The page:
The Biden administration is expected to award more than $550,000 in grants to create artificial intelligence that can automatically detect and stop microaggressions on social media, according to government spending records.
The grant, which was funded by President Joe Biden’s $1.9 trillion American Rescue Plan, was given to University of Washington researchers in March. Over the next five years, the researchers anticipate their grant to total $550,436; they have already received $132,000 in funding.
The research’s objective is to develop machine-learning models that can scan social media posts for evidence of implicit bias and microaggressions, which are typically characterized as insults that cause minorities to feel offended. The research funding by the administration comes as the White House is under increased scrutiny and debunks claims that it is attempting to censor online speech.
Last month, Biden demanded an investigation into the Twitter purchase by tech tycoon Elon Musk after Musk pledged that the business would uphold a “free speech” agenda. The “Twitter Files,” which were internal company communications that Musk released earlier this month, showed a long-standing partnership between Twitter and the FBI. The disclosures demonstrated the agency’s significant involvement in platform content moderation tasks.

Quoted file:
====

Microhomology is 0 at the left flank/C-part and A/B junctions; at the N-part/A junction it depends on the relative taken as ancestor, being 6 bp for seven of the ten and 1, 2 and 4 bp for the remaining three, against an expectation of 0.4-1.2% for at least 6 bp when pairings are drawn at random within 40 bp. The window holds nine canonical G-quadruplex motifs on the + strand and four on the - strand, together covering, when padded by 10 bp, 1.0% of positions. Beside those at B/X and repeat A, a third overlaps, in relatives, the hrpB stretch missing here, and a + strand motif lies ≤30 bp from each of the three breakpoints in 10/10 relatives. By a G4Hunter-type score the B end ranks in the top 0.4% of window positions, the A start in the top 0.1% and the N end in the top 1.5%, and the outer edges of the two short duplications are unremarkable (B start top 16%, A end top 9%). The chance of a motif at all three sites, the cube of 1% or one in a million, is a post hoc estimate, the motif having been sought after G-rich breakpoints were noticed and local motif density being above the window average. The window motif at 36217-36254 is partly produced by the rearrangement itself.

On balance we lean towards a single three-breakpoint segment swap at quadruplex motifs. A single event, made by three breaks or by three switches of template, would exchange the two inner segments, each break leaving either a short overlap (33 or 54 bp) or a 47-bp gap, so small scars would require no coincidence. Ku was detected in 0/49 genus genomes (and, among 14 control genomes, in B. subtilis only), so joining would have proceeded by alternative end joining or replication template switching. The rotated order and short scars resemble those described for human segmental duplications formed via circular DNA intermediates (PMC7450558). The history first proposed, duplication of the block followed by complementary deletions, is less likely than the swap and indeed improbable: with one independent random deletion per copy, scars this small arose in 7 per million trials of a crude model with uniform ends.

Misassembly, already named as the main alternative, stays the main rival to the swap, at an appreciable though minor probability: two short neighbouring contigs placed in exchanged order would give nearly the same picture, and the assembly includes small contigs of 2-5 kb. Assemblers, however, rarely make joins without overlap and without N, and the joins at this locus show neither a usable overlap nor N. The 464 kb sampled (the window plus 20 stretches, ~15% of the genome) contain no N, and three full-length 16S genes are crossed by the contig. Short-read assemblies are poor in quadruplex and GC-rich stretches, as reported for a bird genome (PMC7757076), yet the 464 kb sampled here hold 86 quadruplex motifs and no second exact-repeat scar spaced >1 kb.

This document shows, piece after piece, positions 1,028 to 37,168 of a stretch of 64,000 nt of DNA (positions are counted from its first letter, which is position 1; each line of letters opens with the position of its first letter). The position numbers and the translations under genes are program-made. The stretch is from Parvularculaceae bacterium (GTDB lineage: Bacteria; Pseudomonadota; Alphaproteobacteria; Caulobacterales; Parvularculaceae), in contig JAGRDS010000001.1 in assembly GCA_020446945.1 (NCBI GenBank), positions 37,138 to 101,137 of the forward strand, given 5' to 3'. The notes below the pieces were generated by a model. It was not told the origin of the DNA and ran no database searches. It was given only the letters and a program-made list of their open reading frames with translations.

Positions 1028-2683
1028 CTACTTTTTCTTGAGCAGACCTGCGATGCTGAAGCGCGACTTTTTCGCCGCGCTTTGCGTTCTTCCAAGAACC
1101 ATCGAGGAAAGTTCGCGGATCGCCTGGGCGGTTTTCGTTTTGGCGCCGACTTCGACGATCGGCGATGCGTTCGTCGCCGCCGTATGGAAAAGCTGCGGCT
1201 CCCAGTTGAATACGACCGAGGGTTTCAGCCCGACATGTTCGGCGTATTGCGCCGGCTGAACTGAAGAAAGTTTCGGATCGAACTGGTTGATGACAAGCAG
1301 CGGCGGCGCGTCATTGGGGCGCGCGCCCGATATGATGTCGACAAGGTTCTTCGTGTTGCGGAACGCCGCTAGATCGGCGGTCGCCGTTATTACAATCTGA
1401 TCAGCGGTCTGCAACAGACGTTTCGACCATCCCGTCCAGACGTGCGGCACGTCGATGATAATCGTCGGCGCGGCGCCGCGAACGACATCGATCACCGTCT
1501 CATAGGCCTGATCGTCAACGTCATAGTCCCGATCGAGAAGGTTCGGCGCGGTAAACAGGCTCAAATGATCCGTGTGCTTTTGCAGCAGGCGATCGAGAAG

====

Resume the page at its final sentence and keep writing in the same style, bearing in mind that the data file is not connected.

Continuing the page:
Despite stating that microaggressions can be unintentional and unconscious, the research’s description does not give examples of the kinds of remarks that would be considered micro aggressions.
According to the National Science Foundation, the project is being led by computer science professor Yulia Tsvetkov. Tsvetkov has written studies that suggest the AI model might identify and censor speech that many people would not deem offensive, such as support for the meritocracy idea.
Tsvetkov provided examples of microaggressions in a 2019 study titled “Finding Microaggressions in the Wild,” which included remarks like “Your mom is white, so it’s not like you’re really Black” and inquiries like “But where are you from, originally?” Dan Schneider, vice president of the free speech division of the Media Research Center, stated that it is not the responsibility of the government to regulate speech that some people may find to be offensive or emotionally taxing.
Our rights should be protected by the government, not restricted.